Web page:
N stands for narcotic
But it could just as easily stand for narcissistic. Narcotecture refers to a style of domestic architecture preferred by drug and gun lords.
Where are these buildings?
The word was first used to refer to Colombian cocaine cartel leader Pablo Escobar’s extravagant residences, and to the fact he was changing the landscape of his hometown Medellin by building homes for the poor in order to win their favour. Since Escobar’s death in 1993, controversial buildings in Medellin are most often publicly funded projects such as libraries and museums (the current mayor is the son of an architect). But the less salubrious citizens of Afghanistan have taken up the challenge: Monocle magazine gave the term narcotecture fresh currency this year to describe the elaborate houses that drug lords in Herat are building as monuments to their wealth.
What makes these buildings unique?
Nouveau riche homemakers worldwide favour sprawling mansions but the buildings in Herat have a look all their own: a mash-up of Persian, Italian, Baroque and Arabic influences. Common features include pastel paint schemes (echoing the colours of grapes, melons and pistachios grown nearby), miles of marble, forests of columns, mirrored glass, and an outlandish number of bedrooms and bathrooms. After the staples it’s up for garish grabs: wildly expensive chandeliers, ceiling mosaics, and enough curves to make Antonio Gaudi look restrained. The citizens of the Gold Coast and Miami will find these buildings inspirational. Others may find them a little excessive. Escobar’s trailblazing 2000-hectare ranch in Puerto Triunfo, once home to elephants and llamas, a bullring, airstrip, and wooden surveillance towers, lies in ruins. (Plans are afoot for a combined prison and theme park.)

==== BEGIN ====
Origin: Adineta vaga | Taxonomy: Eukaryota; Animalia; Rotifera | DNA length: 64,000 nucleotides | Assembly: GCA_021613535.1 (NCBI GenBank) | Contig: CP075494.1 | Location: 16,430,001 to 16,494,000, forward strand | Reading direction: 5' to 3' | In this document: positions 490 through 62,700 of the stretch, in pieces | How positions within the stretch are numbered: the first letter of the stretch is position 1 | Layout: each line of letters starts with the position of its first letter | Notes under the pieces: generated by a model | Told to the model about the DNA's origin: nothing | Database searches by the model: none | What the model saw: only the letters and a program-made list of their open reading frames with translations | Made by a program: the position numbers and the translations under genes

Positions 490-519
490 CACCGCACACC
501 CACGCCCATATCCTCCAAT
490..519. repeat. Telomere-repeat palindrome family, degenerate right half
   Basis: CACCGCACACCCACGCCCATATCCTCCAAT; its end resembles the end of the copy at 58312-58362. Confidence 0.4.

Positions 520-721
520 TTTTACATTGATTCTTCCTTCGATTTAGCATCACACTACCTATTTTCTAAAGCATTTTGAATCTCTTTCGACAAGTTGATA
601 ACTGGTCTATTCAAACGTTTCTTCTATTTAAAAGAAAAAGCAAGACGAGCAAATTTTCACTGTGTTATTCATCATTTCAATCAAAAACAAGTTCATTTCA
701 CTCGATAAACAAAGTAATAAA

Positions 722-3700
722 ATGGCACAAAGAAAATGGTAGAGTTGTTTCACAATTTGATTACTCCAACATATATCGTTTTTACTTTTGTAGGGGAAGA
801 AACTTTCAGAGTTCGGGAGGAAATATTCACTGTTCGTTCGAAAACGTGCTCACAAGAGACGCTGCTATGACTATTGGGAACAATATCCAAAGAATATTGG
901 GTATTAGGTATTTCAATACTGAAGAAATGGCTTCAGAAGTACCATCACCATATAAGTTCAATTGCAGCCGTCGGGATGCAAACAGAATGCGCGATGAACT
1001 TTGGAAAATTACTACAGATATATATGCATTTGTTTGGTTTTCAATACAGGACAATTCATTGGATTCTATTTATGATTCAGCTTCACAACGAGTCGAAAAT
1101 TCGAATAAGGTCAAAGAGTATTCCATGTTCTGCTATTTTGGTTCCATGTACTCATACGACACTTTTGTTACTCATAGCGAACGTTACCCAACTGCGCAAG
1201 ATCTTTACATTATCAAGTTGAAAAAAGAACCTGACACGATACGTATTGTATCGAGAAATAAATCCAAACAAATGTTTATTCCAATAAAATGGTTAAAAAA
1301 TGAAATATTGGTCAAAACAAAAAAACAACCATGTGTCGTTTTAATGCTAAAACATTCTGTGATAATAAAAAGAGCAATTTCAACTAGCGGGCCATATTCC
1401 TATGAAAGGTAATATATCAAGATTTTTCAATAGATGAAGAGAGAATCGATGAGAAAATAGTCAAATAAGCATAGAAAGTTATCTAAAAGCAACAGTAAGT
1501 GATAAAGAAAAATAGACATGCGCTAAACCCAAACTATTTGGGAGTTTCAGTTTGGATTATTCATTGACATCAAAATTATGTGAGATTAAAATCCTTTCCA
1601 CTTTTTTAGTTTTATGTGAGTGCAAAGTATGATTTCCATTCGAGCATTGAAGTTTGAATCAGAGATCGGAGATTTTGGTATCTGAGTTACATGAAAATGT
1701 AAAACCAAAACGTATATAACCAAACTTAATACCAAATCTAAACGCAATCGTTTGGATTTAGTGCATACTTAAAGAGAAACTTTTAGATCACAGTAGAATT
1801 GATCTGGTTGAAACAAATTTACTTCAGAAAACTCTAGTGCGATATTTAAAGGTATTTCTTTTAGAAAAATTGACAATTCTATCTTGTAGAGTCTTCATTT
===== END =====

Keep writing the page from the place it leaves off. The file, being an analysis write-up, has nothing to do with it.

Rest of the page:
Why would an architect do this?
These clients must be the bane of an architect’s life. They have the money to make their most hideous fantasies come true and they take an active interest in stamping a personal touch on their homes.
What do the locals think?
In Herat, mansions are increasingly lining dirt roads in suburbs where the old (silk markets, mud-brick homes, mosques and minarets) is being elbowed out by the new. Some people think the modernisation is wonderful, especially when jobs are created, but others worry development will destroy Herat. Mind you, this city has survived the Mongols, Genghis Khan, the Soviets, the Taliban and the United States, and still boasts a citadel built in the time of Alexander the Great.